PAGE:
Creativity is funny that way. Sometimes you’re trying to launch a sputtering rocket off the ground, hoping it doesn’t blow up on you. And sometimes you’re already out in the universe, floating among vibrant nebulae, bathed in starlight. I strongly believe in inspiration as an external force. Who knows, it might even be sentient. So, when that force gave me “Girl That Was Perfect”, I immediately knew I had to put it out, whether I wanted to or not.
What’s this song about?
This song is about overcoming body image issues and leaning into self-love. As a young girl from Russia, I had some seriously unrealistic standards around how I looked. I noticed everything that was “wrong” with me: from the slightest puffiness around my eyes, to the extra pound I gained around my waist, to the smallest acne scars. I lived in this self-assessing, self-commodifying space for years, thinking I had to be this perfect-looking human to achieve any level of success. Well, fast forward to now, and I’m now a size 8, not 0, and I’ve achieved more than I ever have when I was abusing my body. I just remember sitting on that couch the night I was writing “Girl That Was Perfect” and bawling over my guitar. I hadn’t had an eating disorder for years, but it still felt so cathartic to release this part of myself in this form.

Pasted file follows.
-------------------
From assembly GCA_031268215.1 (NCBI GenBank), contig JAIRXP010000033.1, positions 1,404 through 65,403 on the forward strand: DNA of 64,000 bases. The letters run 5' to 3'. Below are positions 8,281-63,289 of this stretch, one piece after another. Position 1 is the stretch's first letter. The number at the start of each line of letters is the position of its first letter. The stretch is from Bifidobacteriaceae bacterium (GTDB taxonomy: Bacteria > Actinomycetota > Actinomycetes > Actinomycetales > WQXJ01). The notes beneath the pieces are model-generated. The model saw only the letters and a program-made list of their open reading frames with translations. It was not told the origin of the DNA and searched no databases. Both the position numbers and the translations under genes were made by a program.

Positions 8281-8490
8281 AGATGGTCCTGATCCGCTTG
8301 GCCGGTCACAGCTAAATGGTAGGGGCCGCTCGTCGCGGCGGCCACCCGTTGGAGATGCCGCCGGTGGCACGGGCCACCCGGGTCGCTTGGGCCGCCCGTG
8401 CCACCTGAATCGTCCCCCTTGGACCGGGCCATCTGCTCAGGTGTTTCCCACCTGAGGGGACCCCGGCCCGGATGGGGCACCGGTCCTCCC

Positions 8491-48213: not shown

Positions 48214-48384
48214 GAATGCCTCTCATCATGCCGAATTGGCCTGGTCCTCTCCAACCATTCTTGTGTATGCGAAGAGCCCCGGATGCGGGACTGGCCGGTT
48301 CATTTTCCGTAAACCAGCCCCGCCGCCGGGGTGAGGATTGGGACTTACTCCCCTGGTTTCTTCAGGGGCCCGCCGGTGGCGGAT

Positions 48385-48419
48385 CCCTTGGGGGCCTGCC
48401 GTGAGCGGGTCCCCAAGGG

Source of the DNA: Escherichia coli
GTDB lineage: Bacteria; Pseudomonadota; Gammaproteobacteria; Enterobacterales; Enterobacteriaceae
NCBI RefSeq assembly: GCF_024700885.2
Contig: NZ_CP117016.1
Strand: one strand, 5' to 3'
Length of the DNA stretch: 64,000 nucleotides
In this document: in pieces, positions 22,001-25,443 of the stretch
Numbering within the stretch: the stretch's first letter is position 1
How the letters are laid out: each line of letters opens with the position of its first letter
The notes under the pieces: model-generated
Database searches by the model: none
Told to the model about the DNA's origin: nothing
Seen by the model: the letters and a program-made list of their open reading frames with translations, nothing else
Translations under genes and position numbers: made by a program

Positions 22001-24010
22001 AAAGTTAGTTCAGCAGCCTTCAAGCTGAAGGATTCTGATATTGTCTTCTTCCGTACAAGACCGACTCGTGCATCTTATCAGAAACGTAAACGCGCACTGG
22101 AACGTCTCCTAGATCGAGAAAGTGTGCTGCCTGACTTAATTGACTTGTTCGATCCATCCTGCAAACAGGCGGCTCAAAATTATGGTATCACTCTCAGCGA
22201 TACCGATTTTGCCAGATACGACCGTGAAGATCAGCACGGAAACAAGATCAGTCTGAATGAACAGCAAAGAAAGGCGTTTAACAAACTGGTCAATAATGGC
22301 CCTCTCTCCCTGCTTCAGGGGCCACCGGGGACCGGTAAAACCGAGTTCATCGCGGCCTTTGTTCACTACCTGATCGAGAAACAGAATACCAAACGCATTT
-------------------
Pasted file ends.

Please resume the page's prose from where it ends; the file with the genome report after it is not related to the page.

Something I’ve always been curious with songwriting is how topics come to mind. Did you know what you wanted to write about going into the song session that birthed “Girl That Was Perfect” or did the idea just come about organically once you were in the session?
Sometimes things just pop into your mind, and it’s legit impossible to trace their origin. Sometimes, you hear someone say something or read something and feel like, “Ah, song!” As I mentioned, with “Girl That Was Perfect”, there was no session, no plan, no idea. It just tumbled into my lap. There are other songs on my project though that were written from a pre-mediated title. Songwriting is truly never the same; it likes to keep me on my toes, for sure!